- The use of openness and transparency led to new dialogue around the use of social and collaboration data—which also led to increased data sharing and further engagement with employees.
- Empowering employees regarding their own analytics demonstrated clear respect for them and built relationships.
- Corporate programs can now have access to new insights, but in a way that is respectful and sensitive to employee needs.
Wallace believes this culture of transparency could and should also work in the external socialsphere. If IBM employees can have such empowerment, she sees no reason why consumers should have any less—and that such an expectation should be part of the equation that drives consumer loyalty. In fact, in a recent post, “Big Data and the Future of Work,” she shares slides from a recent talk and discusses how she believes the use of social analytics will lay the foundation of the future of work: “Fundamentally if we want to realize the potential of human networks to change how we work, then we need analytics to transform information into insight, otherwise we will be drowning in a sea of content and deafened by a cacophony of voices.”
While Wallace is clear about her approach to consumer data privacy, the ethical tension regarding this issue is clearly visible in the contrasting privacy policies of Google and Apple—at least according to concerns cited by Apple’s CEO Tim Cook. In a recent awards ceremony of the Electronic Privacy Information Center, he provided a somewhat blistering analysis of his Silicon Valley neighbors.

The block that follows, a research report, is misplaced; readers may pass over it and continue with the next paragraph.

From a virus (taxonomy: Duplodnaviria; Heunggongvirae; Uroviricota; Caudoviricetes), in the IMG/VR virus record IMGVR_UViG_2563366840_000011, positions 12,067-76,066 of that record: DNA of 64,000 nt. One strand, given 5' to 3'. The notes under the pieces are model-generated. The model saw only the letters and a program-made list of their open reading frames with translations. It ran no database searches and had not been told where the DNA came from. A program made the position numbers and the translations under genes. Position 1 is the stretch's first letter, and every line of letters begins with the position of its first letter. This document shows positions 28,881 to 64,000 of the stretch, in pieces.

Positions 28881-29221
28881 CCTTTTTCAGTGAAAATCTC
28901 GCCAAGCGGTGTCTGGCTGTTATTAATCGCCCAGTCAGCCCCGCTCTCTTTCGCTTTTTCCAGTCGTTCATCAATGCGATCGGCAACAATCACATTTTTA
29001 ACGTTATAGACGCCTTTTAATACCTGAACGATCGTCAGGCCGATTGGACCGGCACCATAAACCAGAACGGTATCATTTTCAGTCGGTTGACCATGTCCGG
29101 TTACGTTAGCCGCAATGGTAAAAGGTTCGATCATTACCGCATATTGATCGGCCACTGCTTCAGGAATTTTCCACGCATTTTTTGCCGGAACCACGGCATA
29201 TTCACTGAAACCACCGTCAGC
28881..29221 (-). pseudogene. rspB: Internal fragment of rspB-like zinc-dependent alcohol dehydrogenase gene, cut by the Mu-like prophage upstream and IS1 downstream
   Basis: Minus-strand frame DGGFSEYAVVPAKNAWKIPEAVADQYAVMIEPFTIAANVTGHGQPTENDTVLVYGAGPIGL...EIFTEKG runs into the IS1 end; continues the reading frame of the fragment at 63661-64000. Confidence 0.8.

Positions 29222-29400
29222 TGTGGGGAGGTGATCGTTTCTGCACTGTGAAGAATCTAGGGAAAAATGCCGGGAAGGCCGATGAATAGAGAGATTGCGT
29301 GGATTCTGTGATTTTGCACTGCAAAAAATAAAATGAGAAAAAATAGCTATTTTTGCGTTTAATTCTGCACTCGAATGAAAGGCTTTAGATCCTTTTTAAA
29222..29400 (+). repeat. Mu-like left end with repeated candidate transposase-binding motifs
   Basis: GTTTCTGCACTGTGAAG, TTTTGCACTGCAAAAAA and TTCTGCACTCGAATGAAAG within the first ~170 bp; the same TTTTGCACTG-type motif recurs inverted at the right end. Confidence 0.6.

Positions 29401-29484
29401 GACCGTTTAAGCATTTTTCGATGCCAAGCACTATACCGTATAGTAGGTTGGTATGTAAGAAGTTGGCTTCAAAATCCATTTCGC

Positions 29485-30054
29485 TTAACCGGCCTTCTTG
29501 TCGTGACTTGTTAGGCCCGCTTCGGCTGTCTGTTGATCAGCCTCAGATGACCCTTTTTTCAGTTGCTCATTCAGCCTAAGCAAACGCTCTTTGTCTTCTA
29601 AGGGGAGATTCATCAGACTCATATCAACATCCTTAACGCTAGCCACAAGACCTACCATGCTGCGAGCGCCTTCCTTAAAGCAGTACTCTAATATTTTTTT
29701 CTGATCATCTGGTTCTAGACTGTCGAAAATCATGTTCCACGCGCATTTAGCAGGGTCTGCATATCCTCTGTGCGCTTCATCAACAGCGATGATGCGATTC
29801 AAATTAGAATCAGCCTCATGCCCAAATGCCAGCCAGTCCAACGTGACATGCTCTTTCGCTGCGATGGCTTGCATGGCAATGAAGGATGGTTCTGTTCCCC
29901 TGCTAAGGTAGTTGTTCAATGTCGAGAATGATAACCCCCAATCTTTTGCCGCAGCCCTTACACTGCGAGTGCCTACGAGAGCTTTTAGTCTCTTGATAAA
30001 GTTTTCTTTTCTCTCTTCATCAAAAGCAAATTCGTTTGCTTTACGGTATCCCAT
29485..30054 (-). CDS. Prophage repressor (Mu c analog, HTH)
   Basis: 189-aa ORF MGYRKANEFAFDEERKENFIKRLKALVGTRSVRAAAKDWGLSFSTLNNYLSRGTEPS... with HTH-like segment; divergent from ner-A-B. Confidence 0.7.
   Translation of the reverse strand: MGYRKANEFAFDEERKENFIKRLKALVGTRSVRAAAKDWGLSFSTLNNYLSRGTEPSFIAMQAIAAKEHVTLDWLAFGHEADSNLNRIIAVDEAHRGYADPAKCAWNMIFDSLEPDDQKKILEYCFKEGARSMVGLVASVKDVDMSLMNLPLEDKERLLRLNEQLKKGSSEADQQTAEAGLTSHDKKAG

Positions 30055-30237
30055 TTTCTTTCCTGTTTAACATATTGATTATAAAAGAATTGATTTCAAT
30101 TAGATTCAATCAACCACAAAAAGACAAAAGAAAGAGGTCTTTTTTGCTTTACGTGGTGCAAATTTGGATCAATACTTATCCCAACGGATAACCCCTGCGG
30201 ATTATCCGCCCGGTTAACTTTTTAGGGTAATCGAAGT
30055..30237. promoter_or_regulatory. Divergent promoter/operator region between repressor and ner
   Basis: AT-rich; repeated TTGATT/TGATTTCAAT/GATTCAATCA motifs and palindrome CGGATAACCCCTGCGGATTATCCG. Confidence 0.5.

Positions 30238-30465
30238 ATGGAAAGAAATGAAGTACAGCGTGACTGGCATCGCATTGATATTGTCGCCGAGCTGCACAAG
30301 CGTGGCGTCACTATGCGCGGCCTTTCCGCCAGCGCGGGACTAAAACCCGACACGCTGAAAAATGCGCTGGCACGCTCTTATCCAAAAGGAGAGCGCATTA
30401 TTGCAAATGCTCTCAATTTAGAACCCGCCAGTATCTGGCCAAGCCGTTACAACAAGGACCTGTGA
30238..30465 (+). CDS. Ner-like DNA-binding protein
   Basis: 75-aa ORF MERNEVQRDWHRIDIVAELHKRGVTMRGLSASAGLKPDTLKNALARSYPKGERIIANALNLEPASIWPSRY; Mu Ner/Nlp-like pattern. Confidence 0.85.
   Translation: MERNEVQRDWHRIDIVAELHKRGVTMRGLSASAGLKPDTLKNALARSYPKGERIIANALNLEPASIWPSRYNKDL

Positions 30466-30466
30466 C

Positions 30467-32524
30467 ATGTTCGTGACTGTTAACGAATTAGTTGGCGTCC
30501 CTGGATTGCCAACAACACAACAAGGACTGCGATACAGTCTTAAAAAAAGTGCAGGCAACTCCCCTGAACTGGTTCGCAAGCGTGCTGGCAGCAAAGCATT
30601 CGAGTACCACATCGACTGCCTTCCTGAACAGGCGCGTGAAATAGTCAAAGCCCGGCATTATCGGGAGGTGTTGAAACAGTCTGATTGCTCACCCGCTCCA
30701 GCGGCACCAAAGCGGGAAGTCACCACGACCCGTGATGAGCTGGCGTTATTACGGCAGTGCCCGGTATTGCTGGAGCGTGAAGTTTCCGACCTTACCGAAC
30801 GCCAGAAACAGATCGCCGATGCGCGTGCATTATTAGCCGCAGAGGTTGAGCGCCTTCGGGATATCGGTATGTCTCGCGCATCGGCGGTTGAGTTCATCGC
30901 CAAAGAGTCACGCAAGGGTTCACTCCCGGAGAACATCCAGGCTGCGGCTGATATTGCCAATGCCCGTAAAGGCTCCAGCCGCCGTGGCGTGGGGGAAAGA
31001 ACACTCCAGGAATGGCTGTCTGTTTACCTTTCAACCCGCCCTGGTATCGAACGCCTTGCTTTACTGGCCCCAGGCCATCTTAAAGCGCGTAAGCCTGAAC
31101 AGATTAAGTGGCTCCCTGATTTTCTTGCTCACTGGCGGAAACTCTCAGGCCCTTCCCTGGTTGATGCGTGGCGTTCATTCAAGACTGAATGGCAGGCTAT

“I’m speaking to you from Silicon Valley, where some of the most prominent and successful companies have built their businesses by lulling their customers into complacency about their personal information,” Cook said. “They’re gobbling up everything they can learn about you and trying to monetize it. We think that’s wrong. And it’s not the kind of company Apple wants to be.”
Apparently not everyone within Apple agrees with such a policy, which is why its former iAd executive, Winston Crawford, recently left the company to join Drawbridge—a fairly new firm that helps marketers track user data across multiple devices.
According to a description by the Wall Street Journal: “Drawbridge’s technology works to identify users by applying machine-learning techniques to large amounts of data generated from devices…[Drawbridge] can detect when the same user logs onto the Web from a PC, tablet or smartphone, or purchases a product in a retail store, based on their browsing habits and other clues. Drawbridge then sells that information to marketers who want to show the same person ads on different devices and measure the ads’ effectiveness.”
Tim Cook and Marie Wallace seem to be operating on the same privacy wavelength, and it would be interesting to hear what he and Apple think about “privacy by design.” Since the two companies have already partnered up, it seems there may be some technology behemoths looking after the privacy needs of consumers after all.
Marie Wallace is currently an analytics strategist for IBM. She has been heavily involved in the research and development division building content, semantic and social analytics technologies—which created the foundation for such solutions as IBM Watson. Recently, she has been focusing on the analysis of people networks to deliver smarter, personalized and contextualized solutions for individuals and organizations. She is a globally recognized thought leader, with a popular blog, AllThingsAnalytics.com.